It is thoughts of these things, which represent the very best of what living in Auckland has to offer, that sustain me through the dark times, like when the seemingly omnipresent rain confines you to hours indoors waiting for the sun to return, or when you realise a good six months have passed since the last decent band stopped by to perform. Certainly, the promise of better times ahead helped me stay chipper through the recent Christmas break, when some of the worst festive weather on record conspired to prevent me showing visiting friends from the UK my adopted city at anywhere near its peak. Indeed, the endless torrential downpours meant the only guided tour I could give them was one of Auckland’s finest pubs.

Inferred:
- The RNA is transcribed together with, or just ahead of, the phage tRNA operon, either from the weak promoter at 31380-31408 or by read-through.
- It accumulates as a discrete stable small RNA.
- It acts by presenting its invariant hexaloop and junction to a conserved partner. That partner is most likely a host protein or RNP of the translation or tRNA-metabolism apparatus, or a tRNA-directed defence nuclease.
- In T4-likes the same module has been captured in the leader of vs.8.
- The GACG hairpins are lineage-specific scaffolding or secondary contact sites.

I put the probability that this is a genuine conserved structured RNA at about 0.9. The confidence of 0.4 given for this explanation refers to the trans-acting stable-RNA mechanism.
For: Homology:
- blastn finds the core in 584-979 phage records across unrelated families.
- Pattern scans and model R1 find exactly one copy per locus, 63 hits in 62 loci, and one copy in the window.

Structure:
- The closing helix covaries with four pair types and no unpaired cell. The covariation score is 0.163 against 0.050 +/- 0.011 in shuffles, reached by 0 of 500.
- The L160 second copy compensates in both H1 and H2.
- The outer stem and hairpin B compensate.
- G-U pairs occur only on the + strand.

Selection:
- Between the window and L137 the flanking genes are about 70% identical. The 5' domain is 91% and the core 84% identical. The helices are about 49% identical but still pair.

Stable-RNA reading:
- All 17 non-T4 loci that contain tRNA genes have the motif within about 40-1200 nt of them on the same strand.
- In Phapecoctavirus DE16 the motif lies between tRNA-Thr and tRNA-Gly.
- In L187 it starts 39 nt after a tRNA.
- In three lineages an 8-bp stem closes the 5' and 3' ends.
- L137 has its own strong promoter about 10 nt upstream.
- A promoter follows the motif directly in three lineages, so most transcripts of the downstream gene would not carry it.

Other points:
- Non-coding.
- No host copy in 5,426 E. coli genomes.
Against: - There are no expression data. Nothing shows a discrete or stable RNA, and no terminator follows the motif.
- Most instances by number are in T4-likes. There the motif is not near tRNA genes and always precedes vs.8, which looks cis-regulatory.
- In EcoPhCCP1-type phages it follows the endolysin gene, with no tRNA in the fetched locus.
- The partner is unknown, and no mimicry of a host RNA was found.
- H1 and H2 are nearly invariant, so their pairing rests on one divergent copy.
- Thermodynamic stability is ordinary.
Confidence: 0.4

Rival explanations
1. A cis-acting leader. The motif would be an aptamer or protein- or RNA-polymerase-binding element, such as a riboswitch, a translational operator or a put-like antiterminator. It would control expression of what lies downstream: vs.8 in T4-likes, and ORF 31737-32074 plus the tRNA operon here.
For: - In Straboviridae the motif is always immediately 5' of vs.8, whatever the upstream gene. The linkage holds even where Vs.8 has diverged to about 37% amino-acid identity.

There were no such frustrations when we flew across to a sizzling Sydney for a long weekend in mid-November. When I was first preparing to move out here, acquaintances who knew Auckland would often compare it to Sydney, and on visiting Australia’s tourism capital for a second time (following an initial trip three years ago) it became clear to me why. The two cities have much in common: both revolve around a harbour and a series of beaches; both have compact CBDs dominated by needle-like viewing towers; and both come alive in the outer suburbs where little communities have exploded with unfettered charm away from the hustle and bustle of the city centre.